The Chinese University of Hong Kong
Dr. Ruxu Du was born in China in 1955. He received his Master’s degree from the South China University of Technology in 1983 and his Ph.D. degree from the University of Michigan in 1989. He has taught in the University of Windsor, in Windsor, Ontario and University of Miami, in Coral Gables, Florida. Currently, he is a professor in the Dept. of Mechanical and Automation Engineering at the Chinese University of Hong Kong (CUHK). He is also the director the Institute of Precision Engineering of CUHK. His area of research include: design and manufacturing, as well as robotics and automation. He has published over 400 papers in various academic journals and international conferences. He is the associate editor / the members of editorial board of six international journals. He has received a number of awards including:
• Fellow of SME (Society of Manufacturing Engineers);
• Fellow of ASME (Society of American Mechanical Engineers);
• Fellow of HKIE (Hong Kong Institute of Engineers).
He has being happily married for over 30 years and has two children, Jin and Ann. He enjoys Chinese poetry and tennis.
Appeared some 400 years ago, mechanical watch is a piece of fascinating human invention. This presentation first gives a historical review on the mechanical watches and clocks. Then, it shows a sample of the art of mechanical watches: the Perpetual Calendar, the Tourbillon, and etc. The focus of the presentation is nevertheless the science of mechanical watch. It describes some of our research on the design and manufacturing of mechanical movement, including:
(a) A virtual library of escapements;
(b) Dynamical modeling of the Swiss level escapement;
(d) Precision machining and assembly; and
(e) Signature analysis.
A large number of practical examples are included.
Dr. Geon-Hee Kim
Ultra-precision machining of freeform optical system using SPDTM and MRF
Dr. Geon-Hee Kim
Team leader (Principal Researcher),
Optical instrumentation Development Team
KOREA BASIC SCIENCE INSTITUTE (KBSI)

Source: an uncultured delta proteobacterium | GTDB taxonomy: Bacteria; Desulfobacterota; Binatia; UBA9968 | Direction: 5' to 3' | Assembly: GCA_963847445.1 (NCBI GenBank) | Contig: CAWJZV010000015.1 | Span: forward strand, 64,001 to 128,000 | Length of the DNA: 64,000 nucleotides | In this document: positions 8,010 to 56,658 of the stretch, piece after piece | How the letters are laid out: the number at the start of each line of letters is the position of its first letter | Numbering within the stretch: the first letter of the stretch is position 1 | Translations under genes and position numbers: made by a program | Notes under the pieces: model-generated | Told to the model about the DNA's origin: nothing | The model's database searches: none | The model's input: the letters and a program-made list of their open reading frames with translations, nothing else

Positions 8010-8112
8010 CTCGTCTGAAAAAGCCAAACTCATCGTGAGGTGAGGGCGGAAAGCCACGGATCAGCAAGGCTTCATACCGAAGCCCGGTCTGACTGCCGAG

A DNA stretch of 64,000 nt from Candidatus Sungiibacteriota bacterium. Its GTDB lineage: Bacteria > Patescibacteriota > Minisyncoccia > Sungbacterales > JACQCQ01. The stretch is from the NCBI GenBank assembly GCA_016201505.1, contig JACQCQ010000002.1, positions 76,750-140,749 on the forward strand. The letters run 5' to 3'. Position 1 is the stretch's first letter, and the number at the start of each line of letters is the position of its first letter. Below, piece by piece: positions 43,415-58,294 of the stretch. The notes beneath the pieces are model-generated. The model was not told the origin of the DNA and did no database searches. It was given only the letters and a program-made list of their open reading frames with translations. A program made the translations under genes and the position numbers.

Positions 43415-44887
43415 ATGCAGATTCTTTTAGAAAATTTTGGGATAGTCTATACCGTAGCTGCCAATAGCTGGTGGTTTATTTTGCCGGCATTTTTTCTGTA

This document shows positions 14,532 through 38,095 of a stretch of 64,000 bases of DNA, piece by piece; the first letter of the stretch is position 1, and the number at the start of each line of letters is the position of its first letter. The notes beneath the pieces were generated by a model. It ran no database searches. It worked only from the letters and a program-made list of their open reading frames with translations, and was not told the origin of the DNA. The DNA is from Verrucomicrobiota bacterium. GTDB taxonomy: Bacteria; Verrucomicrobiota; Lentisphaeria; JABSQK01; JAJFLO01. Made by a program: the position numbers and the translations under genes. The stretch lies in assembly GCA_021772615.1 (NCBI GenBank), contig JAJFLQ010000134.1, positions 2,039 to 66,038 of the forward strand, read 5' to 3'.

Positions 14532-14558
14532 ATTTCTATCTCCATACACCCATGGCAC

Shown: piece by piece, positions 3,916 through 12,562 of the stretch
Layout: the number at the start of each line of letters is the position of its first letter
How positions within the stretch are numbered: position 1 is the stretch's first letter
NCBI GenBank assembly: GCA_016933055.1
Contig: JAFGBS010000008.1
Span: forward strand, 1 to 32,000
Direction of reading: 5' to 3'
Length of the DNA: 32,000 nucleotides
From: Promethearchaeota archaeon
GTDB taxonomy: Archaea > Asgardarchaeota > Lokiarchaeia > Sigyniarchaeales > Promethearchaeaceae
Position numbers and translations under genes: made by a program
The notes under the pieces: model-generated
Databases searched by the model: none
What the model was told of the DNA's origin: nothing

Professor, Nano-Mechatronics, University of Science and Technology
Professor, Graduate School of Analytical Science and technology (GRAST)/ Mechanical Engineering, Chungnam National University
Sangwon Hyun (KBSI), SooJong Park(Kyung Hee University),
Byung Chang Kim (Kyung Nam University), Tae-Soo Kwak (Gyungnam Natinal Univ. of Sci and Tech)
Biography: Dr. Geon-Hee Kim joined KBSI in 1993 and built a CNC Machining center and CNC Lathe which are necessary for advanced research applying his practical technology such as Master Craftsman Machinery and Craftsman Machine Fitting (1st class). He received master’s degree (Thesis title: The cutting property of non-ferrous metals using diamond turning machine) and Ph. D (Thesis title: A OMM study for profile measurement of ultra-precision aspheric) from Chungnam National University in 1998 and 2003 respectively by operating, an ultra-precision machining tool of Nanoform600 for the first time in Korea. In 1997, he installed the fabricating instruments of Nonoform600, Freeform700A and Moore Nanotechnology 450 in a room self-controlled for constant temperature and humidity from 1998 to 2012 together with some high precision measuring instruments such as WYKO6000 and NT2000. Using these facilities, he has developed ultra-precision processing technology for high-end optical systems which were used for basic and applied sciences such as astronomical space, fusion, laser and semiconductor and etc. He has then installed ASI (Q) and Q-Flex-300 of QED in 2015.
He participated in the CIBER project which is an international joint research project led by NASA JPL. A primary near-infrared mirror incorporated in scientific telescopic payload of a satellite was developed successfully and the satellite was launched. In 2009-2013, he has also performed a joint research about the application of STS (Slow Tool Servo) on the infrared asymmetric reflector for the wide angle telescope with prof. Soo-Jong park who is in Astronomy and Space Engineering department at Kyunghee University in Korea. He has developed a thermal imaging microscope system that can be used for inspecting the defect inside the semiconductor chip. Since 2014, his research is focused on the development of large size freeform optics measurement system with the ultra-precision machining process technology for the large-size freeform optics. He has received Presidential Commendation for technological innovation achievement of mid-size/small company in 2011. Dr. Kim has published 88 papers, 104 patents consisting of 51 registered, 53 applied participating in 30 projects and has also done some technology transfers.